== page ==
Officials have warned that an “arrogant and bullying attitude” by the employers could force an escalation of the current action which could threaten summer sailings which are vital for the islands’ tourism industry.

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Unions demand Crossrail inquiry RMT calls

CAMPAIGNERS against the blacklisting of trade union activists among construction companies are concerned that Business Secretary Vince Cable appears to have “kicked into the long grass” any prospect of a full inquiry into blacklisting on the £16 million Crossrail project in London.

MPs had called on the Department for Business, Innovation and Skills [BIS] to investigate “clear proof” that the illegal practice still continues at Crossrail.

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RMT calls for police investigation

THE RMT transport union last week demanded an urgent police investigation into employment practices by contractors hired by First Great Western after reports that 15 rail workers were arrested in London.

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Farewell to Dolly Shaer

by New Worker correspondent

FRIENDS and comrades paid their last respects to veteran communist Dolly Shaer at her funeral in Guildford last week. NCP leaders Andy Brooks, Alex Kempshall , Daphne Liddle and Dolly’s partner Ken Ruddock, joined Dolly’s extended family, friends and former colleagues in a celebration of her long and active life that was dedicated to the struggle for peace and socialism from beginning to end.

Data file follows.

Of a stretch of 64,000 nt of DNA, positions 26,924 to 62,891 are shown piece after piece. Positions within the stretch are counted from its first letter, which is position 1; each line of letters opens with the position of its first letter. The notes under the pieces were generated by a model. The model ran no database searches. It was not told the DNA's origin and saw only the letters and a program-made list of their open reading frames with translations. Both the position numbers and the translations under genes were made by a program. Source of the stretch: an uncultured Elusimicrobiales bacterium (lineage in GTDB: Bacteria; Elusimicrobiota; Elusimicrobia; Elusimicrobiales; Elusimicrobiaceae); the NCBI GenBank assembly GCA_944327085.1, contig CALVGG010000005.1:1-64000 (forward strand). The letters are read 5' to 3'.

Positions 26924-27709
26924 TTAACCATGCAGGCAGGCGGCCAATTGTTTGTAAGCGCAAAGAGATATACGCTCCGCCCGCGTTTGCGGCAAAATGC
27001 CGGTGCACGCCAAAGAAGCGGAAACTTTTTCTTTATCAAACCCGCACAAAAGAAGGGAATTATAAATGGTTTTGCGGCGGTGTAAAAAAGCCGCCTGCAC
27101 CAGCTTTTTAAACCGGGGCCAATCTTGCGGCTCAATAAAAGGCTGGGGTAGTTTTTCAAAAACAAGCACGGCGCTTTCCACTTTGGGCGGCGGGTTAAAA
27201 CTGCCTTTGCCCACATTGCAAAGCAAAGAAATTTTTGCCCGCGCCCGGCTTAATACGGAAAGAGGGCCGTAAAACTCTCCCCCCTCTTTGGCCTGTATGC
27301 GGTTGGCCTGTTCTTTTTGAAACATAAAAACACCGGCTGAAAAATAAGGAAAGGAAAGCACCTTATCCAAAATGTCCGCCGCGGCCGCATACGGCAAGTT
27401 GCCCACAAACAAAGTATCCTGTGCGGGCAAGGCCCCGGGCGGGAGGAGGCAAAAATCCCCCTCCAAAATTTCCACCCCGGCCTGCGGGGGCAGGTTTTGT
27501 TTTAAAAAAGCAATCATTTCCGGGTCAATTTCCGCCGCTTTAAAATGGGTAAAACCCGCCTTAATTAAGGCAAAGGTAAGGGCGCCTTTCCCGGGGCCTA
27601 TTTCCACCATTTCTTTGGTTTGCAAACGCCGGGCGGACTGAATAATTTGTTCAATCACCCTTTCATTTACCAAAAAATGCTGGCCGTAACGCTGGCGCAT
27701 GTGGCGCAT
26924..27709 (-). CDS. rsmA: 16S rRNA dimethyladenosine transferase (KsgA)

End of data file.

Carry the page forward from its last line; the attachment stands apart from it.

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International News

Free the Korean freighter and crew!

by Cheryl LaBash

WHEN poor Somalis seize ships off the coast of their country, they are called pirates. But when Panama does the bidding of the Americans and seizes a freighter from the Democratic People’s Republic of Korea, it is hailed by the US State Department and lauded by the big business media.

On 10th July the Chong chon gang freighter, on its return home after loading cargo at Cuban ports, was violently commandeered by Panamanian forces as it approached the Panama Canal. The 35-person crew reportedly fought back, refused to lift the anchor and disabled the ship’s cranes. The captured crew and captain are reported to now be imprisoned at Fort Sherman, a former US base in Panama.

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Israel smarting over tough new EU stance on settlements

by Mark Moloney

THE STATE of Israel is fuming after a surprise European Union decision sees it take a firmer stance against Israeli settlements by blocking all future financial assistance to Israeli settlements in the West Bank, East Jerusalem and the Golan Heights. These settlements are considered illegal under international law.

The new EU rules will prohibit the issuing of grants, funding, prizes or scholarships unless a settlement exclusion clause is included. This means that any Israeli institutions or bodies located outside the country’s pre-1967 borders will be ineligible for any EU funding whatsoever.

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Indian media hype about China-India border benefits no-one

by Wang Bowen

THE INDIAN media, which have traditionally focused heavily on the border disputes between New Delhi and Beijing, are now asserting again that Chinese troops have crossed the “border” between the two countries.

This came just a few months after similar reports soured to some extent the atmosphere of a visit by Chinese Premier Li Keqiang to India.